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BOOK REVIEW: ‘Taliesin Reflections’ Pays Tribute to Frank Lloyd Wright, Shows His Influence on California Architect Earl Nisbet

Posted by kinchendavid on October 1, 2006

By David M. Kinchen
Huntington News Network Book Critic

Hinton, WV – In the 1940s and 1950s, any man or woman dreaming of a career in architecture considered being an apprentice at the Taliesin Fellowship run by Frank Lloyd Wright the ultimate achievement – at least for those who were admirers of the Wisconsin-born Wright (1867-1959).

Born in San Jose, CA in 1926 – he turned 80 this past July – Earl Nisbet was a California dreamer, seeing himself as a Taliesin Fellow in the original Taliesin in Spring Green, Wisconsin and Taliesin West in Scottsdale, Arizona. He achieved his dream in 1951, following service in World War II and graduation from a San Francisco engineering institution, Heald College, where he studied architectural engineering.

In a lavishly illustrated, large format paperbound book, “Taliesin Reflections: My Years Before, During, and After Living with Frank Lloyd Wright” (Meridian Press, Petaluma, CA, 240 pages, $24.95) Nisbet gives the reader a look inside the two Taliesins, where future architects were toughened under the watchful eye of Wright’s wife Olgivanna. If they didn’t pass the formidable muster of Mrs. Wright, they were kicked out of the fellowship.

The cost was considerable when Nisbet was an apprentice from 1951-1953 — $1,000 a year. It included taking out the trash, cooking and canning and maintaining the buildings, something that required constant work, as anyone familiar with Wright’s designs knows. Nisbet provides the reader with plenty of inside information about Taliesin operations and the book is full of black and white and color illustrations. There’s even a leaking roof anecdote that will delight architecture buffs who consider leaking roofs part of the charm of a Frank Lloyd Wright house.

After leaving Taliesin, Nisbet began an architecture practice in Northern California – and after a nine-month interlude in Tahiti, described with humor and charm in this book – in Honolulu, Hawaii, where he designed the S.C. Doo House on Black Point, among other buildings. He moved back to his native region, the southern San Francisco Bay area, after several years in Hawaii. Now a resident of Aptos, California, outside Santa Cruz, Nisbet is still active in the Northern California chapter of Taliesin Fellows and travels as much as possible. His wife Barbara died about a decade ago and Nisbet’s reminiscences of their life together reveal what a wonderful relationship is all about.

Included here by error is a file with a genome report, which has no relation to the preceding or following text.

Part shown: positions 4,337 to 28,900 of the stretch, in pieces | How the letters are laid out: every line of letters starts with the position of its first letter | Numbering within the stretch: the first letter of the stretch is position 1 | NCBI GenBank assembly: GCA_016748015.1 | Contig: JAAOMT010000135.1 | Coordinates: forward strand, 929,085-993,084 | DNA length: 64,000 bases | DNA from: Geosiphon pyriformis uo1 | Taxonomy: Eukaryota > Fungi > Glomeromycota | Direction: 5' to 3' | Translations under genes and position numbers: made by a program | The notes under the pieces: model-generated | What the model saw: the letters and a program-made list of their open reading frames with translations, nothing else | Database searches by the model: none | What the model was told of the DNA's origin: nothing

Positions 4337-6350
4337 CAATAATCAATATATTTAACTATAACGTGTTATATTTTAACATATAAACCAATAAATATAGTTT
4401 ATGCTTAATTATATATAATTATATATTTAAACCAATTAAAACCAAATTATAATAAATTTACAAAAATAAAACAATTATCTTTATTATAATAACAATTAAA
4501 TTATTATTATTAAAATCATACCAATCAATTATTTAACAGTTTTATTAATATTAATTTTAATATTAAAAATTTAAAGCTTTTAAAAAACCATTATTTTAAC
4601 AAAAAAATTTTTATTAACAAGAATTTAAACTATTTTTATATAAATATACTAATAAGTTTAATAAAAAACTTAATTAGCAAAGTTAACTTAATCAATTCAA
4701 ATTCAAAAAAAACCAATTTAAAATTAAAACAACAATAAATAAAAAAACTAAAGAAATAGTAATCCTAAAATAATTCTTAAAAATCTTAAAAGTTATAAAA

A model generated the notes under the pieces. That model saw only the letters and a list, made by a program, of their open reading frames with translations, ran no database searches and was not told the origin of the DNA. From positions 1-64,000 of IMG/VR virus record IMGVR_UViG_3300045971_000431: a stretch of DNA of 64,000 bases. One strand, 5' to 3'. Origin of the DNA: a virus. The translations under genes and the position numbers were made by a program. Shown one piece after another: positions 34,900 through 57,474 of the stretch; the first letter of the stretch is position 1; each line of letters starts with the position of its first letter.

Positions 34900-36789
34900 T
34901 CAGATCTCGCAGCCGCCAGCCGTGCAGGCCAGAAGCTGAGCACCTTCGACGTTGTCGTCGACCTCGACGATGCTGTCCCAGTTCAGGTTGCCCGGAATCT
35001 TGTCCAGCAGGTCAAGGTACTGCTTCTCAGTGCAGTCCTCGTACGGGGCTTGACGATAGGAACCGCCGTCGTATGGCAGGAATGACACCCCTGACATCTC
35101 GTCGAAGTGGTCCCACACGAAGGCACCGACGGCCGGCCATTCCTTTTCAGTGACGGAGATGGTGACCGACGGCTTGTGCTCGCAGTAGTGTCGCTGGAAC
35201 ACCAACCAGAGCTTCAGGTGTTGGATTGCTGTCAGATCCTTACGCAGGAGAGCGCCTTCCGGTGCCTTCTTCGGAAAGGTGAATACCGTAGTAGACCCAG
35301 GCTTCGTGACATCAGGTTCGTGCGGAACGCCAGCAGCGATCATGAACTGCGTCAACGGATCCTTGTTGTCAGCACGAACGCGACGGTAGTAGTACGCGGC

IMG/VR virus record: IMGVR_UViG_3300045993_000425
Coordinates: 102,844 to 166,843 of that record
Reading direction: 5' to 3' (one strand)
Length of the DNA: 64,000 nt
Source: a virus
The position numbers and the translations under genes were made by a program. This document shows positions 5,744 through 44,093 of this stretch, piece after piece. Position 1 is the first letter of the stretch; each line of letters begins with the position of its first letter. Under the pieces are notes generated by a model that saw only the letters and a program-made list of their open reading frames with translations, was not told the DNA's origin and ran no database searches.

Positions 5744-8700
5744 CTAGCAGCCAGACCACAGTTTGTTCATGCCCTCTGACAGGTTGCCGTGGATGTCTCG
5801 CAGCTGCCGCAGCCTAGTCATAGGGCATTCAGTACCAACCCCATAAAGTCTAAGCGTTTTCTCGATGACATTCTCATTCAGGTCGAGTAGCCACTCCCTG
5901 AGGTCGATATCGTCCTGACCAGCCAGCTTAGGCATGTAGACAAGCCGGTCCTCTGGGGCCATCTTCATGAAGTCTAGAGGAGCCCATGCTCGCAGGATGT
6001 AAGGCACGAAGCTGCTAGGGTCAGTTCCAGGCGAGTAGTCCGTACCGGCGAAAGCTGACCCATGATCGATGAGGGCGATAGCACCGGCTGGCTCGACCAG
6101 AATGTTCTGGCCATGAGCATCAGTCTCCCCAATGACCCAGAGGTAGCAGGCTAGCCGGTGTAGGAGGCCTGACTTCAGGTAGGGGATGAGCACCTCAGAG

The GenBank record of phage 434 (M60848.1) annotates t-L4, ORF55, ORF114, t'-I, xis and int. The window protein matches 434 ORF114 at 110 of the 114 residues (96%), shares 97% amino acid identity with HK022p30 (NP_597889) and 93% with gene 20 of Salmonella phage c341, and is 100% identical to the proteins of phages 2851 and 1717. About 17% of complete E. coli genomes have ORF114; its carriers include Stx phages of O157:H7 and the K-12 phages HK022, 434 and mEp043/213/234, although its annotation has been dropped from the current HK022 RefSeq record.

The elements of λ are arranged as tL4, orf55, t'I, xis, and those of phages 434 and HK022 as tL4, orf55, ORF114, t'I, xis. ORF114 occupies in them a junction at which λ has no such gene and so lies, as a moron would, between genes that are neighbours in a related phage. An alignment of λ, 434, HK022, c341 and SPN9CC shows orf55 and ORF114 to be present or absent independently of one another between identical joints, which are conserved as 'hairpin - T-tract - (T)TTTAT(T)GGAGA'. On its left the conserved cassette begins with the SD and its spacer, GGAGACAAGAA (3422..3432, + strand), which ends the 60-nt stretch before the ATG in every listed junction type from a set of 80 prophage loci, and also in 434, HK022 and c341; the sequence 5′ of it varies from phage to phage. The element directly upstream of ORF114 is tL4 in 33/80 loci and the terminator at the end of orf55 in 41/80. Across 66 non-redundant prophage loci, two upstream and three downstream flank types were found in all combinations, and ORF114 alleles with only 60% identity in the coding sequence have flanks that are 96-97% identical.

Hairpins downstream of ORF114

As a fan of Wright’s architecture from my years of living in Chicago and Milwaukee, I particularly enjoyed the parts about the two Taliesins (the name means “Shining Brow” in Welsh). Nisbet was a woodworker extraordinaire, which appealed to me since I was a shop rat in high school and had a strong Industrial Arts minor in college to oddly compliment my major of English. Nisbet’s skill with automobiles and trucks gave him the opportunity to use his mechanical skills at both Taliesins.

Nisbet began his Taliesin Fellowship in 1951, 19 years after Wright and Olgivanna began the fellowship in Spring Green, with 30 apprentices. The year 1932 was a tough year for everyone, but especially so for architects. Few people were building anything, and the Taliesin experiment managed to keep the distinguished architect in business.

Judging from the photos of the Doo House and Nisbet’s first solo commission, the Cabana Tanglewood built in 1954 in the Santa Cruz Mountains, Nisbet drank deeply from the Wright design well. They’re outstanding designs and attest to his skill as an architect and hands-on engineer. As a woodworker myself, I approved of the furniture designed and built by Nisbet for the Doo house. The author got his woodworking start working in his dad’s hardwood flooring company in pre-Silicon Valley San Jose.

If you’re seeking a perfect gift for an architecture buff – especially an admirer of Frank Lloyd Wright – look no further than “Taliesin Reflections” by Earl Nisbet. It’s a beautifully designed book that will provide hours of delightful reading.

The book is available at http://www.amazon.com or at most well-stocked bookstores. The publisher’s address is: Meridian Press, P.O. Box 387, Petaluma, CA 94953.

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